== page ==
We can advise parties to disputes relating to alleged exclusionary discounts on how they might be able to put their case or develop relevant economic evidence to support or refute the analyses outlined below.
Before a dispute has erupted, we can advise potential complainants or potential recipients of complaints about the validity of concerns raised, the steps that might be taken to ensure compliance, or the prospects for a successful complaint or claim.
A key question for the economic analysis of alleged exclusionary discounts will be whether the discount is fidelity-inducing, i.e. whether it tends to tie customers to the provider offering the discount. Answering this question will usually involve an analysis of the financial incentives given by the discount structure.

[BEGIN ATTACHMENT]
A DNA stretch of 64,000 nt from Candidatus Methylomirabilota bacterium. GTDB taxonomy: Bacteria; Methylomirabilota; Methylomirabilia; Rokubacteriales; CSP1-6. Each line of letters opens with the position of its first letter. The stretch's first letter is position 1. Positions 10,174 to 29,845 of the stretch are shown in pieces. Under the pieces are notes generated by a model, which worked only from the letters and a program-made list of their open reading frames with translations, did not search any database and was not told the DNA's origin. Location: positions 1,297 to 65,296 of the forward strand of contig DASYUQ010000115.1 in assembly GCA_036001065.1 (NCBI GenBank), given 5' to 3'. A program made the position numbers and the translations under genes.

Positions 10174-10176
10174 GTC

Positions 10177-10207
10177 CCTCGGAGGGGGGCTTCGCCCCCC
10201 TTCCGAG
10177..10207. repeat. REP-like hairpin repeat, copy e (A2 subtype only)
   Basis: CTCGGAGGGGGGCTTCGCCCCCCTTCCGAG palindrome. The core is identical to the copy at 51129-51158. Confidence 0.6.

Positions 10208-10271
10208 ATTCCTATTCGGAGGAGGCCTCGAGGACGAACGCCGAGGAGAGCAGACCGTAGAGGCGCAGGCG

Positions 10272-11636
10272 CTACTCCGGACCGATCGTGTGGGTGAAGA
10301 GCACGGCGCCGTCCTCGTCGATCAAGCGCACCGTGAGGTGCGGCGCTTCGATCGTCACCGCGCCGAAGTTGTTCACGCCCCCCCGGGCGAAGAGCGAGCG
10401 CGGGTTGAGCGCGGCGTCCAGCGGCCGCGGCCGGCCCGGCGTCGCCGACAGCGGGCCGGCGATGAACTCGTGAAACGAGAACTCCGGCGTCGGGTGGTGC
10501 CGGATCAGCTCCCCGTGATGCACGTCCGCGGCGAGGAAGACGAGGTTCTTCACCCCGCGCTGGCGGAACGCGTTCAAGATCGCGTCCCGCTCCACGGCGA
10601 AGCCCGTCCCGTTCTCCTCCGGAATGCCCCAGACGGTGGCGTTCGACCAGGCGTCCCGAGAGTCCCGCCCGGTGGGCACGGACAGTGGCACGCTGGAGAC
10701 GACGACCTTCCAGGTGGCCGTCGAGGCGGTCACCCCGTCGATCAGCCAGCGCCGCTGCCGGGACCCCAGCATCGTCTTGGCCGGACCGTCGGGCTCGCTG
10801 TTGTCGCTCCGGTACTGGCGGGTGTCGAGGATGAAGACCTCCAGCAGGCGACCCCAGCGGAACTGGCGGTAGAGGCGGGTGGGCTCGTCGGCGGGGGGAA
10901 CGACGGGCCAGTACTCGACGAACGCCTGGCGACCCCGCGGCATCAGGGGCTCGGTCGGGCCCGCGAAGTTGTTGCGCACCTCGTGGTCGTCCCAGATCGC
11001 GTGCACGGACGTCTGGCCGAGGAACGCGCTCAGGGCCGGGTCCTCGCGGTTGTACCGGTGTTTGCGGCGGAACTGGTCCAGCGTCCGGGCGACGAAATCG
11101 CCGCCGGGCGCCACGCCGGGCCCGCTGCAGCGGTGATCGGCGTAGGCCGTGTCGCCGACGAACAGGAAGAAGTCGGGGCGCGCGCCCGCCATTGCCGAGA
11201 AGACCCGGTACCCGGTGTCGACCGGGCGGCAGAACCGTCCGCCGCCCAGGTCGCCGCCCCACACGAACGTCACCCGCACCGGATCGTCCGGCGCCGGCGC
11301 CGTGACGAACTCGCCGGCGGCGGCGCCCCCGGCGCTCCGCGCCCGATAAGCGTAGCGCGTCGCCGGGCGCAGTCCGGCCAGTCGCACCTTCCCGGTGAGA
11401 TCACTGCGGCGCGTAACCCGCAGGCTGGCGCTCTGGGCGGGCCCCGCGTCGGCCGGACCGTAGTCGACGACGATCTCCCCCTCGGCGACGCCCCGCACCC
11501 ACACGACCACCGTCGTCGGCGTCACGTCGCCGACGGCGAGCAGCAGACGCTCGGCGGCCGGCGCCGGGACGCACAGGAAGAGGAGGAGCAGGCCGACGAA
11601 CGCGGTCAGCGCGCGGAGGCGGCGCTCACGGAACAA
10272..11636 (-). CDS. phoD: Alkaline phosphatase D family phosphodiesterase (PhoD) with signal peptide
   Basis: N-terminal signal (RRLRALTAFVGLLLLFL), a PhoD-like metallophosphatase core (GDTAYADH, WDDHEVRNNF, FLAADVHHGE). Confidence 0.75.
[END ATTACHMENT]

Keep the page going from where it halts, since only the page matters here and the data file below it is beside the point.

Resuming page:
If the discount structure has fidelity-inducing features, the analysis needs to consider whether the object or effect of these features is to exclude competitors from a relevant market, or whether these features are in fact justified by legitimate business objectives e.g. cost structures.
To come within the scope of the prohibition on abuse, the person offering the discount must hold a dominant position (i.e. face no effective competition).
Some discounts can also be attacked under Article 81, irrespective of the existence of a dominant position, where there is evidence that they are a means to give effect to an anti-competitive agreement.
We are familiar with the interplay of these various tests and the ways in which they might be applied in practice.